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Russian Central Bank Buys Another Million Ounces Of Gold In February

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(Kitco News) - The Russian central bank continues its quest to diversify away from the U.S. dollar, adding another million ounces to its gold holdings in February.

According to its foreign reserve data updated earlier this week, the central bank’s gold reserves rose by 31.1 tonnes to 2,149 tonnes last month. However, the move is not a significant surprise to some analysts who expect that global central bank gold demand will remain a supportive theme for the gold market.

“Russia’s demand for gold is part of the whole de-dollarization story that continues to get stronger and stronger,” said Ronald-Peter Stoeferle, fund manager at Incrementum AG and author of the annual In Gold We Trust report. “Central bank gold demand is clearly a trend that is gaining momentum.”

Stoeferle added that with the growing debt burdens in the U.S. it’s not surprising that central banks are looking for alternative assets. The gold market’s depth and liquidity make it the perfect asset for central banks, he said.

According to commodity analysts at Bank of America Merrill Lynch, Russia has been the biggest gold buyer for the last 10 years. The analyst noted that Russia has also been the most aggressive nation in diversifying its foreign reserves away from the U.S. dollar. They said that the share of U.S. dollars in its reserves fell from 46% to 22% last year.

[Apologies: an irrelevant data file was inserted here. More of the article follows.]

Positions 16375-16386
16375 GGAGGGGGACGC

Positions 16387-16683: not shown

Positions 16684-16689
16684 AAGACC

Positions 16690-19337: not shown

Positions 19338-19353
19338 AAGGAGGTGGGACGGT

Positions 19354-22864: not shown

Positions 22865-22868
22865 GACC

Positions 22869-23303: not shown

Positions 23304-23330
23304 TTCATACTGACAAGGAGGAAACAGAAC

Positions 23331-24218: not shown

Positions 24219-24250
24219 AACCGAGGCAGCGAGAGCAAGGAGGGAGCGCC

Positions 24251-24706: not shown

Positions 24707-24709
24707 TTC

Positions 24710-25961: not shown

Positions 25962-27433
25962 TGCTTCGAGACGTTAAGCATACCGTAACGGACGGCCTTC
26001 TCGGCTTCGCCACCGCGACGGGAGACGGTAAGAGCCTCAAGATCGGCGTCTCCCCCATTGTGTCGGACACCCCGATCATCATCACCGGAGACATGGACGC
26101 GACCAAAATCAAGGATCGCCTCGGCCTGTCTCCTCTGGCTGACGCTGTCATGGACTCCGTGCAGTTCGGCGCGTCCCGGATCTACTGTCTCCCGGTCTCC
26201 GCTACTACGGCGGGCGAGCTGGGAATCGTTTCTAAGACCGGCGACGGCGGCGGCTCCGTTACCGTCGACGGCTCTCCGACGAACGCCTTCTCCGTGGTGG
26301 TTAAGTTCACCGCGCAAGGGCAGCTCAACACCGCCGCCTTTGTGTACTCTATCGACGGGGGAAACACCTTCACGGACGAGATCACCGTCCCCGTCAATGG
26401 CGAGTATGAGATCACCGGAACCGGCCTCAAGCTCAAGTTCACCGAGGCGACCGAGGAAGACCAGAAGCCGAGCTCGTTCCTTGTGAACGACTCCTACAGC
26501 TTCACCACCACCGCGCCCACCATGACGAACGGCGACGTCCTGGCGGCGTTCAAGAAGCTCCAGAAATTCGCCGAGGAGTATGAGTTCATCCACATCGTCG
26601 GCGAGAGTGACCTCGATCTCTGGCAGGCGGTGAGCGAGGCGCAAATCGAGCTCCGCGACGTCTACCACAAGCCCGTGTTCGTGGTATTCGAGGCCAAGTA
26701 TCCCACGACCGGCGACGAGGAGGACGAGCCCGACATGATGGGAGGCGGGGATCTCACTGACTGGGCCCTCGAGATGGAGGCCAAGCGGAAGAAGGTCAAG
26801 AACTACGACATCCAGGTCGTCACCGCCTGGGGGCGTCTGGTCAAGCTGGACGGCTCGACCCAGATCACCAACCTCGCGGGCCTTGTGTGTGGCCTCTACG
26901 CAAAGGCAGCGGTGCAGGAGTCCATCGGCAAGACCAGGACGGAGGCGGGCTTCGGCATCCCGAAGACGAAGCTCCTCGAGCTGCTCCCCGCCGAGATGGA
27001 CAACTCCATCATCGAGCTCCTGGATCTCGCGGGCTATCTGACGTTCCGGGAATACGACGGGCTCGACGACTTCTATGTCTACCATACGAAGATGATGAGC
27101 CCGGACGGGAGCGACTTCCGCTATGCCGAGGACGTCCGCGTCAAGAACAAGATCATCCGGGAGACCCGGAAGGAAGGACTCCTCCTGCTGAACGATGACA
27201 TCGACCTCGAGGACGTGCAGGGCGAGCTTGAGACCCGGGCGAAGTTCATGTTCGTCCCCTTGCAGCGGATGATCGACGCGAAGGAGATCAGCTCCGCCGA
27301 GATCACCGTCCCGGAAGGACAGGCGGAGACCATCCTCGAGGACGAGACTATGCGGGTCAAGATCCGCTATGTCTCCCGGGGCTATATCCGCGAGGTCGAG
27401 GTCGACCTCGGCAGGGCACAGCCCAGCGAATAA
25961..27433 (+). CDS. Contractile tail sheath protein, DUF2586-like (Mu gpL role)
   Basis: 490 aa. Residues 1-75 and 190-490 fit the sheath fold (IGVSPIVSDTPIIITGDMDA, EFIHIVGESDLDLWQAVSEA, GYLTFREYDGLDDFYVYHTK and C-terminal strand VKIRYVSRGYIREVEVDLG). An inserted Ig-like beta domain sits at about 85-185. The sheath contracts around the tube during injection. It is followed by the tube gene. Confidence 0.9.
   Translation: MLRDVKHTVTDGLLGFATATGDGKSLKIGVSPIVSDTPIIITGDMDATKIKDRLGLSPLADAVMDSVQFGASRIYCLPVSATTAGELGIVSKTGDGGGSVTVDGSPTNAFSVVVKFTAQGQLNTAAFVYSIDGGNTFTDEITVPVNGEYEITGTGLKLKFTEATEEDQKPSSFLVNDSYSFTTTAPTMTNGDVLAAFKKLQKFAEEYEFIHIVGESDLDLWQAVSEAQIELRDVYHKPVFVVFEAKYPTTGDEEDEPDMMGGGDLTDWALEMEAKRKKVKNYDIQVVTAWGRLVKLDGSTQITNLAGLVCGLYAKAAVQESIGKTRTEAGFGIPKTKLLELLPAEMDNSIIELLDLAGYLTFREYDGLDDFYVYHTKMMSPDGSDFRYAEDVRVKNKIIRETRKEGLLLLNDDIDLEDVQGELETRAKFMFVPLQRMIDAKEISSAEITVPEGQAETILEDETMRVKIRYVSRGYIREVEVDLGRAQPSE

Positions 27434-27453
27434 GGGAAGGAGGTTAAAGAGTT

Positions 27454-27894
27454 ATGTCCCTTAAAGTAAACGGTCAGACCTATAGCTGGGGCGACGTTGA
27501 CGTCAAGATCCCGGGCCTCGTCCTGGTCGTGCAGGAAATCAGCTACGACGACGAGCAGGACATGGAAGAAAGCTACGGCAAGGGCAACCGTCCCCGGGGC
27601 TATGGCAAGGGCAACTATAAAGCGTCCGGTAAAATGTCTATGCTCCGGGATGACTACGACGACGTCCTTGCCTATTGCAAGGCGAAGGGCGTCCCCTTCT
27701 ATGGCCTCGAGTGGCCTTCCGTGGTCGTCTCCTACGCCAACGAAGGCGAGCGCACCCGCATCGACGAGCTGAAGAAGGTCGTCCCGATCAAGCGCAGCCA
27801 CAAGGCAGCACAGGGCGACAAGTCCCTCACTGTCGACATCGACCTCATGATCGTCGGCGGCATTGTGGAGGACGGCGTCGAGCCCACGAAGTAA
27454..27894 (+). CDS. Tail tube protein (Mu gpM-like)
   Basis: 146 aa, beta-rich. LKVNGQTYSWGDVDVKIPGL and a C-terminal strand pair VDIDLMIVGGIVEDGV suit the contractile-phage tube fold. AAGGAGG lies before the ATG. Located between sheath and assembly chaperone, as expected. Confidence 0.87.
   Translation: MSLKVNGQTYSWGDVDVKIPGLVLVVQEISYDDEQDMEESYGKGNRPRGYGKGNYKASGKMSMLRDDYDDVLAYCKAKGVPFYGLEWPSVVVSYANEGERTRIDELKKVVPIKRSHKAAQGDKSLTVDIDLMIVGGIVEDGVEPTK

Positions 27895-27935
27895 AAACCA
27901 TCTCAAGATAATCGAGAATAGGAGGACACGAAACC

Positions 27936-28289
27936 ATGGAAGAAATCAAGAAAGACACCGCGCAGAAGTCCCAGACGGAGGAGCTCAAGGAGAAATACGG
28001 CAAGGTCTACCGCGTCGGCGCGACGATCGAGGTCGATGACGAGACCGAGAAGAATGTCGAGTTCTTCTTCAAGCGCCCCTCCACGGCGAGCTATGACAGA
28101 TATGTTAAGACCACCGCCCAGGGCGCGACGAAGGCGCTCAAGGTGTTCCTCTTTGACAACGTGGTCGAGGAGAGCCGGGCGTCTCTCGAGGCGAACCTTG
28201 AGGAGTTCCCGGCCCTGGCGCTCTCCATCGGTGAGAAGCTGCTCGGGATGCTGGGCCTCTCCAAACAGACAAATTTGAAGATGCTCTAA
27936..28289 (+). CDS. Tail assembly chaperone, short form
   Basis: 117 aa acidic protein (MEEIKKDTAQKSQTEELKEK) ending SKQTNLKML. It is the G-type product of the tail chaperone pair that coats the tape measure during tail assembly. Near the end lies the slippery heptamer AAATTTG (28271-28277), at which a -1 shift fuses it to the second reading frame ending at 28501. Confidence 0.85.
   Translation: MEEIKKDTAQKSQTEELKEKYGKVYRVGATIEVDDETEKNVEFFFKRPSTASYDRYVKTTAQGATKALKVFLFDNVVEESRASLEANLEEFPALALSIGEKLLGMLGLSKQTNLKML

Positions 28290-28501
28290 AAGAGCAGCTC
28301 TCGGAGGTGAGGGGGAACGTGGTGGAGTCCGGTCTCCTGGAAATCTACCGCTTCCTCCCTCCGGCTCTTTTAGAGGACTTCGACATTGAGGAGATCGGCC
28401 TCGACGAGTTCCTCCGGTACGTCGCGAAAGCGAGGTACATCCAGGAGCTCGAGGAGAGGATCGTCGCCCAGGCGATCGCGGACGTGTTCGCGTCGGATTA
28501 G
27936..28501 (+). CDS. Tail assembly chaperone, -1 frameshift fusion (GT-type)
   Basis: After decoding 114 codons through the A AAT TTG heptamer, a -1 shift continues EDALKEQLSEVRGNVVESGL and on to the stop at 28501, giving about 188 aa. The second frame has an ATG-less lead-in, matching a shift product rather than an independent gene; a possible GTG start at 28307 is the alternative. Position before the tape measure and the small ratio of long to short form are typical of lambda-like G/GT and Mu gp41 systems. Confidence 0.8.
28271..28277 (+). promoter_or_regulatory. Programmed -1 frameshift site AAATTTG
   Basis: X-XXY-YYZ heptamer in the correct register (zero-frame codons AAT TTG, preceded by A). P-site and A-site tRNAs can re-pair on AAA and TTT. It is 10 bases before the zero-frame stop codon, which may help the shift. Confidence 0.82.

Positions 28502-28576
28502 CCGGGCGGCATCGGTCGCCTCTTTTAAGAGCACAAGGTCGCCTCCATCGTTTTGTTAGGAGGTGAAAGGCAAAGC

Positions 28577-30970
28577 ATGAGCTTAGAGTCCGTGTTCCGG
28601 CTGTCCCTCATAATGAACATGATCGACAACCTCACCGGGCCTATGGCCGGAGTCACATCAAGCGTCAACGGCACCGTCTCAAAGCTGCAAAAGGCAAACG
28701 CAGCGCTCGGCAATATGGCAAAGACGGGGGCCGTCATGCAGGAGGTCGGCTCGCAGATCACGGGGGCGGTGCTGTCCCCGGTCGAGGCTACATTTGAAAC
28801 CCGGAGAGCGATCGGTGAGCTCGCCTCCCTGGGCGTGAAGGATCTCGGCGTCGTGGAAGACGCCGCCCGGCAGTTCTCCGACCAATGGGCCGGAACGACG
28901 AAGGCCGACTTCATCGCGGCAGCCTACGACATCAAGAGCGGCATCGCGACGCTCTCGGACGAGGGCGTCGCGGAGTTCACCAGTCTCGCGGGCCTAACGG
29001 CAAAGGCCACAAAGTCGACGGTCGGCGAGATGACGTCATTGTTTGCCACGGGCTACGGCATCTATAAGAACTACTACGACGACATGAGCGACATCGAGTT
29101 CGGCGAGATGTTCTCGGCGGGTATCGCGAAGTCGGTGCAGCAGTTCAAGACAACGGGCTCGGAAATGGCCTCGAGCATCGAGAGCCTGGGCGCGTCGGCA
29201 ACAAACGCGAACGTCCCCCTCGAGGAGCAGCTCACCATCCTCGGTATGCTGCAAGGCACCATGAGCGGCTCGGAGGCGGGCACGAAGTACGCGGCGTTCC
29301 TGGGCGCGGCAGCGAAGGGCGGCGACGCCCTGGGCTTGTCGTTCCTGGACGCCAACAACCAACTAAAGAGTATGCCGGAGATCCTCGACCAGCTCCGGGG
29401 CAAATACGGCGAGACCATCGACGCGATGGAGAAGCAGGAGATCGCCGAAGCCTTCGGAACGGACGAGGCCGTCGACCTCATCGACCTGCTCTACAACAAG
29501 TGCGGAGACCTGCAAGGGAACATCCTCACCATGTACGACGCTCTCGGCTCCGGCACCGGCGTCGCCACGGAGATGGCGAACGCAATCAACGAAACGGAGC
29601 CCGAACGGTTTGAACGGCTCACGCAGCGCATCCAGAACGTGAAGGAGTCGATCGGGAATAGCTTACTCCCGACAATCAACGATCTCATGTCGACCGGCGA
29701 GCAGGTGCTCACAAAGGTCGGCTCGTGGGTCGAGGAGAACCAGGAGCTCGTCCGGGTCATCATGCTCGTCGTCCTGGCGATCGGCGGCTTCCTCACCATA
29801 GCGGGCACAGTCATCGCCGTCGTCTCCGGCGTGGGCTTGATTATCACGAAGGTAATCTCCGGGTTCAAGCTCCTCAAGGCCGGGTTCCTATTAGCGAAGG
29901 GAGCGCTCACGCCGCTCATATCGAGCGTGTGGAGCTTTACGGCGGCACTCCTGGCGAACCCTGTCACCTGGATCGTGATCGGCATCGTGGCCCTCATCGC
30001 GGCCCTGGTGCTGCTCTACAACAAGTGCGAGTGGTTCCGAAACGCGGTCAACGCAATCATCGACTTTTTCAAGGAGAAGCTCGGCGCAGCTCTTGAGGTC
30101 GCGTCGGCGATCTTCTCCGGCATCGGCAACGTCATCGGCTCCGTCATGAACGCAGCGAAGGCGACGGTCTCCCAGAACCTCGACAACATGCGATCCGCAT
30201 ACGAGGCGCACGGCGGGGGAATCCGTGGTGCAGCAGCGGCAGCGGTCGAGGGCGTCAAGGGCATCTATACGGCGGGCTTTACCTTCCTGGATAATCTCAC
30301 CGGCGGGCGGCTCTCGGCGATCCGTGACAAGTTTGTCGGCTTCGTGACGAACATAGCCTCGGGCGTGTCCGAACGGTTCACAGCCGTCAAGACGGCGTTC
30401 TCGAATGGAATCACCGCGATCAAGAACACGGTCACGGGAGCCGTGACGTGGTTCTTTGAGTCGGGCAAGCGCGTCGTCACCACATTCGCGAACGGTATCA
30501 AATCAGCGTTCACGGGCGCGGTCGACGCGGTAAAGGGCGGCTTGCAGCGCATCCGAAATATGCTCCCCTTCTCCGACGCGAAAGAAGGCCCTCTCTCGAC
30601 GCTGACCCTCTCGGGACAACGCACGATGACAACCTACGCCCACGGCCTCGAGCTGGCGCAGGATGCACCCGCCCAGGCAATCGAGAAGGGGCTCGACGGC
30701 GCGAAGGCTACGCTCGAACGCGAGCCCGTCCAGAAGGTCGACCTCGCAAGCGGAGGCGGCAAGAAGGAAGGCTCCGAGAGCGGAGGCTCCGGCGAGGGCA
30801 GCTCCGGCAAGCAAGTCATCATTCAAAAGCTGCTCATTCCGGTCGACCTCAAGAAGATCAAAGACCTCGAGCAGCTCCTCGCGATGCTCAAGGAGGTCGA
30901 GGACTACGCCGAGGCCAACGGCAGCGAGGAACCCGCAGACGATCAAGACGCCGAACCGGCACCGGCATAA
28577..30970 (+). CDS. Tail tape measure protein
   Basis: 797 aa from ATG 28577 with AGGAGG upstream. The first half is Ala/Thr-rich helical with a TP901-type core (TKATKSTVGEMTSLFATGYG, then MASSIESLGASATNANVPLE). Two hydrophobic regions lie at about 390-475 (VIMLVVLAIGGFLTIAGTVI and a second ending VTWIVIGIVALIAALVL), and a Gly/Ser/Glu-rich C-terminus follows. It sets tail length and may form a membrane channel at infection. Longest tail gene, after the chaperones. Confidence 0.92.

Analysts have said that growing global central bank demand bodes well for the gold market, of which Russia is expected to remain the dominant player. Central banks around the world bought a total of 651.5 tonnes of gold last year, the largest amount since 1971.

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Looking at the impact official gold demand will have on the sector, in a report published in January, analysts at TD Securities said that gold prices could rise to $1,400 an ounce by the end of the year as central bank demand provides a solid floor for gold prices.

“Investors are being led by central banks,” said Bark Melek, head of commodity strategy at TD Securities.

“Overall, given that gold currently makes up roughly 10% of total global reserves, there is lots of room to grow in order to reach levels prior to the big central bank sales,” the TD analysts said in their January report.

Politically, Russia’s move away from U.S. dollar assets it not going unnoticed in the west, according to bestselling author and currency expert Jim Rickards.

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